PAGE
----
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Adult males range from 40 to 52 feet and can weigh up to 45 tons. Despite their size, humpback whales are graceful acrobats. Keep your eye on the ocean and you might see one breach, propelling up to 40 percent of its body out of the water and landing on its side with a spectacular splash.
Whales have great cultural significance for Native Hawaiians. They play a large role in Hawaiian legend—including one creation story—and appear in ancient petroglyphs on several islands. The return of the kohola (humpback whale) is considered more of a homecoming than a visit. Humpback whales are born in Hawaiian waters, making them kamaaina (native born). Some Native Hawaiians also believe the whales are aumakua (family guardians), so these gentle giants are treated with great respect.
Cultural Significance of Whales in Hawaii
Although humpback whales can be seen from all of the Hawaiian Islands, the shallow Auau Channel between Maui, Molokai and Lanai is one of the best whale-watching destinations in the world.
What's the Best Way to See Whales?
You may also spot kohola from the southern shores of Oahu, especially at Makapuu Lighthouse and along the seaside overlooks near Leahi (Diamond Head).
Kauai offers a range of whale-viewing opportunities, including Poipu Beach on the South Shore, Kilauea Lighthouse on the North Shore and Kapaa Overlook on the island’s Coconut Coast.
On the island of Hawaii, whales are often seen along the shores of the Kohala Coast, as well as Hilo Bay on the east side of the island. The Puukohola Heiau National Historic Site is another great viewing spot, with its sweeping, elevated views near Kawaihae Harbor. In fact, Puukohola literally means “hill of the whale” in Hawaiian.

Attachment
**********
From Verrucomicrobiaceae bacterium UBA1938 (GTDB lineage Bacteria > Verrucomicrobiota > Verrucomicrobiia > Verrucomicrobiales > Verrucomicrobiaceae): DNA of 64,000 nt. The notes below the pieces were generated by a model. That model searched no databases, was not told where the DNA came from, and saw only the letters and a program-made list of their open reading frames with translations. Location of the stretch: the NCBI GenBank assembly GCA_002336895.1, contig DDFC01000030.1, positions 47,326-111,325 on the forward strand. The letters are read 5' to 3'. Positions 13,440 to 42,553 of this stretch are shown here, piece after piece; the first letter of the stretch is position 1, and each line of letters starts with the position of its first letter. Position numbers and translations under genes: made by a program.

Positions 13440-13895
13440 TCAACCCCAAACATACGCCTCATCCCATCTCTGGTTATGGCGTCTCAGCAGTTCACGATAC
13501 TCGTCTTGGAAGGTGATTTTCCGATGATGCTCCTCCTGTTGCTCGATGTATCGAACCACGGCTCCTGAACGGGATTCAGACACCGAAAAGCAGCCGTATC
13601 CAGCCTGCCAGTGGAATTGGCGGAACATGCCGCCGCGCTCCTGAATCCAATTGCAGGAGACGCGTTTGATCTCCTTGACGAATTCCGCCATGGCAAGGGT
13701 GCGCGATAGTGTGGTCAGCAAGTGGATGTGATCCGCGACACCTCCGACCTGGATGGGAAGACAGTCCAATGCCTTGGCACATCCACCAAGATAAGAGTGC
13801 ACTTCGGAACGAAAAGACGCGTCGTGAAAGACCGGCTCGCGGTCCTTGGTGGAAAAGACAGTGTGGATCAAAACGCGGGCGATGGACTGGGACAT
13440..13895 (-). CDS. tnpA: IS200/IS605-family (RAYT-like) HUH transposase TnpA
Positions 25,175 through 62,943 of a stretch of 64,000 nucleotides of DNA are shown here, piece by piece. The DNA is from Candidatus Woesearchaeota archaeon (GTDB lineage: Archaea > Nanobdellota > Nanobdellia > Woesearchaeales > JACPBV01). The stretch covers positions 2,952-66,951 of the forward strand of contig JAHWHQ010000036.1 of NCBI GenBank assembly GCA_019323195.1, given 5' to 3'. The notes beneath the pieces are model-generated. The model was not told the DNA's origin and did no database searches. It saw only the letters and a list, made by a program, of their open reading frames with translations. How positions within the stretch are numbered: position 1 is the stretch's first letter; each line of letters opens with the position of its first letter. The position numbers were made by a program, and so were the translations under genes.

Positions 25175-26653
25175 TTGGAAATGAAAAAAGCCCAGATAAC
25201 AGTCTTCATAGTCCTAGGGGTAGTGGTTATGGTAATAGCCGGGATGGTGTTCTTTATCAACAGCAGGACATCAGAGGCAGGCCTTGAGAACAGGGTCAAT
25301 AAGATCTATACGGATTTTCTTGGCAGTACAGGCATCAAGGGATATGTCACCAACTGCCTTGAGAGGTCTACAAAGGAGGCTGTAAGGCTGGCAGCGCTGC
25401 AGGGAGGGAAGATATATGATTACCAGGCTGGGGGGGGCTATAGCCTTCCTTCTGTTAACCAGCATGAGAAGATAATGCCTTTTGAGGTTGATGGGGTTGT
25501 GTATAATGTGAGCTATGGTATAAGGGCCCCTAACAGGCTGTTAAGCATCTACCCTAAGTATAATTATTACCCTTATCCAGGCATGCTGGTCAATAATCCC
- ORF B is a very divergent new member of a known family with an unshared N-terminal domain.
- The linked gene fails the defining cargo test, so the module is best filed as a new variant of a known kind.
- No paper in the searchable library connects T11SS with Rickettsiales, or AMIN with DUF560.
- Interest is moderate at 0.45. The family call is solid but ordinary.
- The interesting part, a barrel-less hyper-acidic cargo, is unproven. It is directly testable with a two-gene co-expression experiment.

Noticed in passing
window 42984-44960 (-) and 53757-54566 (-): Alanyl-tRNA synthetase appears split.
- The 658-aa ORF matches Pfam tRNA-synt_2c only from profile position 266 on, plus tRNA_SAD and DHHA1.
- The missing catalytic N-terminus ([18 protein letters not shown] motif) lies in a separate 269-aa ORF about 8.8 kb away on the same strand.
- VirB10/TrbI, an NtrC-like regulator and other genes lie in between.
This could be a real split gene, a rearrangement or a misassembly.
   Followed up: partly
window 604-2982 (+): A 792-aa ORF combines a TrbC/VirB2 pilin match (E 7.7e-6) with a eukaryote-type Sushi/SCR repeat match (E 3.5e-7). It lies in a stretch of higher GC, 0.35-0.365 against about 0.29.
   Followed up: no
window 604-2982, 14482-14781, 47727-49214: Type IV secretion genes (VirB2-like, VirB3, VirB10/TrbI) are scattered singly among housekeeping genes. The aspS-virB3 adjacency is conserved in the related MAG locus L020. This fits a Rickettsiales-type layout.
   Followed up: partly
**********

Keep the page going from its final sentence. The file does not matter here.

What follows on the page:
Boat tours may be your best option for viewing whales up close. Hawaii has dozens of tour operators, including a few that lead kayak excursions—a thrilling way to experience these majestic mammals.
In respect for the kohola and the safety of sightseers, all watercraft must stay a minimum of 100 yards from the whales, but you'll be surprised how close you feel when a 45-ton behemoth lunges out of the sea. If a boat tour is not for you, the whales’ impressive acrobatic displays are often visible from miles away. If you're on land, keep a pair of binoculars handy because you never know when you'll see a humpback’s spout (which can be 10–20 feet tall).
Built in 1901, the Pioneer Inn captures the ambiance of old whaling days, with architecture that evokes the tranquil lifestyle of turn-of-the-century Lahaina. This charming, renovated hotel is located at the water's edge on historic Lahaina Harbor.
Aston The Whaler on Ka'anapali Beach is at the heart of Maui's finest vacation destination. Just minutes from Lahaina, this resort offers spacious studio, one-, and two-bedroom oceanfront units complete with kitchens, private lanais and daily maid service.
Ko Olina continues to set new standards for luxury vacation resorts with its mix of like-minded resort partners that include Aulani, a Disney Resort & Spa; Four Seasons Resort Oahu at Ko Olina; Marriott’s Ko Olina Beach Club; and the Beach Villas at Ko Olina.
Opened in July 2016, the island's premier new luxury resort, Four Seasons Resort Oahu at Ko Olina welcomes you to an authentic Hawaiian Experience, deeply rooted in cultural tradition, yet alive with the excitement of the future.
Located on the Diamond Head side of Waikiki, and just steps away from Waikiki Queen's Surf beach is the Queen Kapiolani Hotel. Imagine walking up to an unobstructed view of Diamond Head, the ocean and/or a view of Waikiki. A major transformation of the hotel will be completed in Summer 2018.
Still & Moving Center is the most comprehensive mind body movement center in Honolulu. An international training facility, we offer corporate or private, wellness & Hawaiian cultural packages and retreats, movement classes/workshops/performers, personalized coaching and bodywork services.